Transforming materials sourced from the Madison County Solid Waste and Recycle facility as well as Syracuse Rescue Mission, students created jewelry from metal wire, clothing made from fabric remnants, and found art pieces.

In Aus’s lectures on campus and in the screening of her documentary Out of Fashion, she explained that to keep up with the fast pace of fashion trends, clothing companies use wasteful manufacturing practices to produce cheap garments. “On average, eighteen percent of the textiles processed in clothing factories are leftovers, and are thrown away,” she said in Golden Auditorium on November 2. These materials end up in landfills, which pollute the air, water, and soil.

“Working with Reet throughout the week was eye opening,” said Boateng. “I still can’t believe how much waste the clothing industry creates.”

To address the problem, Aus and her colleagues created Upmade, a software program and certification that helps factories reduce waste by upcycling leftover fabric back into the production process. Two major factories in Estonia and Bangladesh have received certification so far.

“Reet Aus is a true leader and planetary hero,” said John Pumilio, Colgate’s director of sustainability. “She demonstrates how it’s possible to pursue our passions with social consciousness and environmental stewardship as a cornerstone.”

Aus also addresses the social and moral implications of fast fashion, noted studio art major Kris Pfister ’17, who was inspired to use recycled materials in a senior art project. “Her work is a tangible force of resistance to the materialism the Western world has become so accustomed to.”

— Emily Daniel ’18

At home on Mars

Dani Solomon ’13 performing One Way Red, sitting on the end of a bed wearing a motorcycle helmet and draped in a blanket.

(Photo by Nick Gilbert ’18)

Real science fused with science fiction when Dani Solomon ’13 performed One Way Red, a solo show that followed a young woman’s one-way journey to Mars. The 90-minute performance on October 6 unfolded as Sam, played by Solomon, stumbled upon an online video about Mars One — an actual nonprofit that intends to colonize Mars by 2026.

The performance jumps back and forth between Sam’s bedroom, where she applies for the Mars One project, and the surface of the red planet. There is both humor and profound loneliness as Sam leaves Earth to experience Mars.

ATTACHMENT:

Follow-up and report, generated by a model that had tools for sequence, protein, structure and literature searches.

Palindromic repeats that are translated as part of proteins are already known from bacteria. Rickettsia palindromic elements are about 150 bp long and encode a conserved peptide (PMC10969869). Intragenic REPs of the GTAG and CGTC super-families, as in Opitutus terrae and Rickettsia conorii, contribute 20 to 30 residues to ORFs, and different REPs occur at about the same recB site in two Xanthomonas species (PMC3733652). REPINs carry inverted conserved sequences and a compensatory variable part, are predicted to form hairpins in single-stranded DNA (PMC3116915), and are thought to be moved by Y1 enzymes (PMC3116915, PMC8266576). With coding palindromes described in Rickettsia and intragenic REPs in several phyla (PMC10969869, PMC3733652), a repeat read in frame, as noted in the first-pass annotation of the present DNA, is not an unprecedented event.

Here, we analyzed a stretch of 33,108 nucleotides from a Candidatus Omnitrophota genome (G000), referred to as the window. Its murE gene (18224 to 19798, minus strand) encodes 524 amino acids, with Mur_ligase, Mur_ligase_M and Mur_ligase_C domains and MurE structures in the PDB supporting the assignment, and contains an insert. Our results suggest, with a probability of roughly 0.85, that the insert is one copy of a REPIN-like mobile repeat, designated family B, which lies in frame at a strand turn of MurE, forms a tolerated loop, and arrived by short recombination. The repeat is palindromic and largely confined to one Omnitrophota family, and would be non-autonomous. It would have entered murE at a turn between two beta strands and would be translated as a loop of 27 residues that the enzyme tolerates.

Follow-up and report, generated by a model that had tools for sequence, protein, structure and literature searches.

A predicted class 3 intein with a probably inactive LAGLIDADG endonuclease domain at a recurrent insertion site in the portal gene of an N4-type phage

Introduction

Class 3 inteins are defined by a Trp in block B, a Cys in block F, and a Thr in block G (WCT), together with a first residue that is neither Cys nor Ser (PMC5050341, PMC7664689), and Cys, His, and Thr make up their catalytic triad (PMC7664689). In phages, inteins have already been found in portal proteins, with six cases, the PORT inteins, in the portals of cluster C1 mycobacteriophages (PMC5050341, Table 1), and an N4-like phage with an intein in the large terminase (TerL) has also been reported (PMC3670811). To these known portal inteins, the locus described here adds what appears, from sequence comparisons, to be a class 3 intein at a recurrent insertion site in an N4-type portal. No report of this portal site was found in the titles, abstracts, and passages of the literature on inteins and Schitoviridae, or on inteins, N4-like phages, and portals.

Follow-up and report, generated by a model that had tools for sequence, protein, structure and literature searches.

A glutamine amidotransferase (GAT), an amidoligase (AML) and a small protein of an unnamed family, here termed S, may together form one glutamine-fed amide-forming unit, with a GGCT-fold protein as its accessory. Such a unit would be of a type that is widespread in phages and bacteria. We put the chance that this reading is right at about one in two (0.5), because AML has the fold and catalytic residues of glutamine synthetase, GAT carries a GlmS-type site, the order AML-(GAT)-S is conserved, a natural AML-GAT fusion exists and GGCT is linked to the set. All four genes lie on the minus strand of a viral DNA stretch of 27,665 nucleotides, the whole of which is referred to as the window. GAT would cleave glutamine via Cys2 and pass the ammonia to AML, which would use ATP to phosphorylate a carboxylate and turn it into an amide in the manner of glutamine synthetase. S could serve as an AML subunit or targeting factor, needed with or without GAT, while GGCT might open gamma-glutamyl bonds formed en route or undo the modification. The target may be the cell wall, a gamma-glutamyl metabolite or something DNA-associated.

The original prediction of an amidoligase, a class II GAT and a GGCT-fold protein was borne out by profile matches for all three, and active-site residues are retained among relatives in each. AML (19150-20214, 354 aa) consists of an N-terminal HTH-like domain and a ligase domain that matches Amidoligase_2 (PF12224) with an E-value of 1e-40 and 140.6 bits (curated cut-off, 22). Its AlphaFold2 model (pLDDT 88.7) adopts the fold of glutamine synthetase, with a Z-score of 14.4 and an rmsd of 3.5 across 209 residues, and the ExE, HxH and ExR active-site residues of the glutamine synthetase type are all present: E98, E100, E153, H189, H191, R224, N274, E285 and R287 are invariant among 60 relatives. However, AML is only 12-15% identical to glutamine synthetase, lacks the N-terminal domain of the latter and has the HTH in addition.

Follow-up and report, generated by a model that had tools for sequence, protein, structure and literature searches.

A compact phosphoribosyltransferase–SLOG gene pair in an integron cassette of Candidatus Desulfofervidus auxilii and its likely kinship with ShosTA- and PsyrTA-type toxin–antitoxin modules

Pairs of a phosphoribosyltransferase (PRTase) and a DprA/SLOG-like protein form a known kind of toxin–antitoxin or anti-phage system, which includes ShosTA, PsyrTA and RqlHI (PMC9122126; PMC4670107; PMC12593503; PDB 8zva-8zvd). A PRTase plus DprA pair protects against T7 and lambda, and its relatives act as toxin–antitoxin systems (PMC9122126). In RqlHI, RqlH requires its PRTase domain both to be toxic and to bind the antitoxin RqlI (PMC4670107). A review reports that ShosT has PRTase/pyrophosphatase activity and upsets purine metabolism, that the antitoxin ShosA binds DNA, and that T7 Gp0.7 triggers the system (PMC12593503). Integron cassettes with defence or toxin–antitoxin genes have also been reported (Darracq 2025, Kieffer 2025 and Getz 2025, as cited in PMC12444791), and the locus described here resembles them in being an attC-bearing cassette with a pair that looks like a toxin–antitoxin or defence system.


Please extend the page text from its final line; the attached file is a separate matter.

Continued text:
“We didn’t start with a script,” Solomon said. She and her collaborator, Mason Rosenthal, use an unconventional approach to theater in their work with Philadelphia-based Medium Theatre Company. “We start with a question or curiosity. We often start from a known, familiar place, and through the process of following a curiosity, we follow the known into the unknown.”

Space travel has long captivated Americans’ imaginations; One Way Red questions why we look spaceward and what we hope to find there. The possibility of interplanetary travel serves as the backdrop for this existential fever-dream populated by alien mirrors, talking lamps, and a sassy computer assistant named Morgan.

“I think a lot of people in our generation want to do something exceptional to be remembered,” Solomon said. “This character has a lot of that drive, that ambition to do something great and historical.”

Solomon, who was a physics and theater major at Colgate, is interested in the process of discovery found in both the sciences and the theater. The play was performed in the Ho Atrium, allowing the arts and sciences to mingle while bringing the audience to an otherworldly space between reality and fiction.

In addition to performing the play, Solomon gave a talk about alternative career paths for physics majors. She and Rosenthal also hosted a workshop that encouraged students to explore unconventional approaches to theater.

Solomon hopes that there will be more intermingling of the arts and the sciences in the future, especially at Colgate. “Getting people from different disciplines to ask hard questions together is the next step toward interdisciplinary dialogue,” she said.

— Emily Daniel ’18